and chalets are available for rent throughout
Austria. For full details contact your local travel
agent or the the Austrian National Tourist Board.
FARM HOLIDAYS: There are approximately
29,000 farmhouses with a total of 300,000 beds
providing accommodation. Lists of farmhouses taking
paying guests for most provinces in Austria are
available from the Austrian National Tourist Office.
Listings include farms as well as pensions and
inns with an attached farming operation.
CAMPING/CARAVANNING: There are
approximately 500 camp sites in Austria, all of
which can be entered without any major formalities;
approximately 160 sites are equipped for winter
camping. Reductions for children are available,
and for members of FICC, AIT and FIA. It is advisable
to take along the camping carnet. Fees are charged
on the usual international scale for parking caravans,
motorbikes and cars. The parking of caravans without
traction vehicle on or beside the public highways
(including motorway parking areas) is prohibited.
One can park caravans with traction vehicle beside
public highways, if the parking regulations are
observed. Some mountain roads are closed to caravans.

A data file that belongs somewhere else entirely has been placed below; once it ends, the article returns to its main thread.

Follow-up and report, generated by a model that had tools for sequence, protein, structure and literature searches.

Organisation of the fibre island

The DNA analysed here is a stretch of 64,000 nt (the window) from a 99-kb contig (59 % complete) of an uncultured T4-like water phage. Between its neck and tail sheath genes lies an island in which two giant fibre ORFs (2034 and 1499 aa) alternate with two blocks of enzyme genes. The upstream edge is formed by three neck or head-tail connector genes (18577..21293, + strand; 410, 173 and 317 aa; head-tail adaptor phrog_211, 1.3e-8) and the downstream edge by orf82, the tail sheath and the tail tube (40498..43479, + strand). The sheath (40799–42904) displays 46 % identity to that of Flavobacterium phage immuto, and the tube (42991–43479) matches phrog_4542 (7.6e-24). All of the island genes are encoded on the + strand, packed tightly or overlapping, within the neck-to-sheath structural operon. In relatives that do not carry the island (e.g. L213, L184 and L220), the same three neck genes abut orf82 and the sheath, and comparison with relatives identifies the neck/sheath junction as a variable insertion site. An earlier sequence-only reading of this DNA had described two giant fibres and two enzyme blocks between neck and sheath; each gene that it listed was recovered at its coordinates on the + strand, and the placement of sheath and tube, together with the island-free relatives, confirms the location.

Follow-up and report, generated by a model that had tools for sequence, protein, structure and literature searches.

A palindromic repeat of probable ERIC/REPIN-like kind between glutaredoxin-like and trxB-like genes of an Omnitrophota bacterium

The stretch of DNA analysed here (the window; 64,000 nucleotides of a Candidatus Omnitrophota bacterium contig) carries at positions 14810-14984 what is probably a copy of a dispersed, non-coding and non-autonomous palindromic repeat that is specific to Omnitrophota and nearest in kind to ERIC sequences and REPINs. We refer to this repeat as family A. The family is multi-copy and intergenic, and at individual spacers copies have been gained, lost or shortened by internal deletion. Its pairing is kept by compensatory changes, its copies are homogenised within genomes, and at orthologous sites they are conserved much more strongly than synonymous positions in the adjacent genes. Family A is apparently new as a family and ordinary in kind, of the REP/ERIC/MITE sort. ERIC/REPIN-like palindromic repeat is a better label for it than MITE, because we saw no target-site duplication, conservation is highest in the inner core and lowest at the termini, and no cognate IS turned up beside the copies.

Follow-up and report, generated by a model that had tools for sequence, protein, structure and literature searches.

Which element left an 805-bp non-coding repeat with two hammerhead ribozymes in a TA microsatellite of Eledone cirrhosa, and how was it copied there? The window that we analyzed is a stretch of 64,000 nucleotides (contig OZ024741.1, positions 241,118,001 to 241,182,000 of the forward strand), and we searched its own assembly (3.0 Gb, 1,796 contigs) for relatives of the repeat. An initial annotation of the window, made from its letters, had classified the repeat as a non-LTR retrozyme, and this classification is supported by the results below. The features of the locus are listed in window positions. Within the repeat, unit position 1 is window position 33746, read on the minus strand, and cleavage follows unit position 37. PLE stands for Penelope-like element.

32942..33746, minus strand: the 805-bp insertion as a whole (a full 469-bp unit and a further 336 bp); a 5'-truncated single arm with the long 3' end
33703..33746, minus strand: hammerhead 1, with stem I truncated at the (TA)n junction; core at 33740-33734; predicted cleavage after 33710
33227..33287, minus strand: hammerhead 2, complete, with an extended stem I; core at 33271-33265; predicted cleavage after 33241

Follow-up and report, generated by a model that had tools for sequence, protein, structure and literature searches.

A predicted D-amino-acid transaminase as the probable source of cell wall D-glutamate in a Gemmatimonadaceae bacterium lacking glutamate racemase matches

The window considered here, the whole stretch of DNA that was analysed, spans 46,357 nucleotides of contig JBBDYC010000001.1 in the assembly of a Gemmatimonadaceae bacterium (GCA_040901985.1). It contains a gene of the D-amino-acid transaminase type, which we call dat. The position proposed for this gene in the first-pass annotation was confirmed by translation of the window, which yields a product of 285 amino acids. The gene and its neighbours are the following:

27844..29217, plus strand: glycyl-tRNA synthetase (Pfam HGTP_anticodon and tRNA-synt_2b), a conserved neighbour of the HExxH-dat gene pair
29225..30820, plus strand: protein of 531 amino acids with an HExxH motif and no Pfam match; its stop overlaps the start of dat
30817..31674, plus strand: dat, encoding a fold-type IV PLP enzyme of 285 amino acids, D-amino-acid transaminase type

For detailed information, contact the automobile
clubs or Austrian National Tourist Office The
address of the Camping & Caravanning Club
is Schubertring 1-3, 1010 Vienna (tel: (1) 713
6151; e-mail: email@example.com;
Note: When camping in private
grounds, permission from the landowner, police
and municipal council is needed.
YOUTH HOSTELS: Youth hostels
can be found throughout Austria and are at the
disposal of anyone carrying a membership card
of the International Youth Hostel Association.
It is advisable to book in advance, especially
during peak periods.
For more details contact
the Österreichische Jugendherbergsverband,
Schottenring 28, 1010 Vienna (tel: (1) 533 5353;
fax: (1) 535 0861; e-mail: firstname.lastname@example.org;
DISABLED TRAVELLERS: There are
hotels with special facilities for disabled persons
in towns all over Austria. Hotel guides for disabled
travellers (including a special guide for Vienna)
are available from the Austrian National Tourist
For UK nationals on a temporary visit to Austria,
an E111 is not required – production of
a British passport is sufficient to obtain medical
treatment. For other EEA nationals (including
Austrians), resident in the UK, an E111 is required.
Visitors who are treated privately may receive
a refund for part of the costs, up to the amount
that would have been payable for public hospital
treatment. Such refunds are available from Regional
Health Insurance Offices (Gebietskrankenkassen)
which also provide addresses of medical and dental
practitioners. Referral to a public hospital will
require an admission voucher issued by a doctor.
In an emergency, UK nationals should show their
passport to the hospital administration which
will ascertain from the insurance office whether
the costs of treatment will be met.